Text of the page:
Parents who adopted in the fifties, sixties and early seventies, had been told that adoption details were secret and they believed this would always be. When records were opened up, some adoptive parents felt "the rules had been changed." They worried and wondered whether they would lose their child to birth family.
Parents whose children choose to search describe feeling anxious that their child's contact with their birth family might jeopardise their own relationship with them and may strain or even break up family relationships. They also raise concerns about not being sure about what they can do to support their child during the process wondering how to offer their support. Sometimes, the adopted person's desire to search has parents questioning: Is our child satisfied with us? Does she really love us? Where will we 'fit' in this new relationship?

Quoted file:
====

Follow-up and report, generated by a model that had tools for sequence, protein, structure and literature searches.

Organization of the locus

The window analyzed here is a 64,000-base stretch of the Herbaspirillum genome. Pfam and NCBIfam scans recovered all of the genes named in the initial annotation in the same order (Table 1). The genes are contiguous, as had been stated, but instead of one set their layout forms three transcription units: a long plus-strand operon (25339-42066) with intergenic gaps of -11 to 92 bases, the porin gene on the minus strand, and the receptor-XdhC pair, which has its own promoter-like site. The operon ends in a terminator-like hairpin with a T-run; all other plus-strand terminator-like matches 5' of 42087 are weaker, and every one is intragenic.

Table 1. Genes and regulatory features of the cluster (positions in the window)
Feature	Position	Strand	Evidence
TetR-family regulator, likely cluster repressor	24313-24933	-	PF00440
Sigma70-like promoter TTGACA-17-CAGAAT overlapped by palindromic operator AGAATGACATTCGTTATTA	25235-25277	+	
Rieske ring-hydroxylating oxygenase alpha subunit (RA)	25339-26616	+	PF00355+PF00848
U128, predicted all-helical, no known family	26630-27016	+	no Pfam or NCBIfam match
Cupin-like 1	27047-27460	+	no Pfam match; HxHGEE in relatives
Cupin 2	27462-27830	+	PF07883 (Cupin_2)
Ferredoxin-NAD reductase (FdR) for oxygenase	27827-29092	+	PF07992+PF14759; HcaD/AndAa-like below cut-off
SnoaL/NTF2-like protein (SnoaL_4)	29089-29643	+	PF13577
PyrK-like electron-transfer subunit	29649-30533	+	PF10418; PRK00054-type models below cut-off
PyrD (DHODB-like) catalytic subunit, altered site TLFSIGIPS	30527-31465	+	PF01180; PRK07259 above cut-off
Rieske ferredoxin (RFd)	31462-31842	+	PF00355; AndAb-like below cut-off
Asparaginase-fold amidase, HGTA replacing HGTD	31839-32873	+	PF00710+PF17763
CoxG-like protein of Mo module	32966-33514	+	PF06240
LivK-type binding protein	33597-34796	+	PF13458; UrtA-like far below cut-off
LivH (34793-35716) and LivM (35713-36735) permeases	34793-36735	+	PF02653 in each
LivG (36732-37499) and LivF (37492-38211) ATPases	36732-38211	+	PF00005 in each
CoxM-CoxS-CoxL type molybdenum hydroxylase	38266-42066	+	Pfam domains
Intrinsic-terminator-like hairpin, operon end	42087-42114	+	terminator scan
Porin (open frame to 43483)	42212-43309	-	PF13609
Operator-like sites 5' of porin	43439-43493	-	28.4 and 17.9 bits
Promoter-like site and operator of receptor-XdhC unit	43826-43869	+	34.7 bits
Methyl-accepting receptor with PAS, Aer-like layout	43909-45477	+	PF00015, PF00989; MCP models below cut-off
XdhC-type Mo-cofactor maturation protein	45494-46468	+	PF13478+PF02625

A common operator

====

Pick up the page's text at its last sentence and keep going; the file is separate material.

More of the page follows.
Adoptive parents can feel concerned that their son or daughter may be hurt by contact. As with any parent they feel a strong need to be protective. This same desire can also be seen when adopted people choose not to tell parents they are searching. This can be another source of hurt and misunderstanding between parents and children.
More recently, as adoptive parents have been better informed of the long term effect of early separation in terms of attachment and trauma, they are aware of the need for early therapeutic intervention.arcs is there to work with families in building attachment relationships, exploring their adoption story, thinking about cultural history and considering contact with birth parents.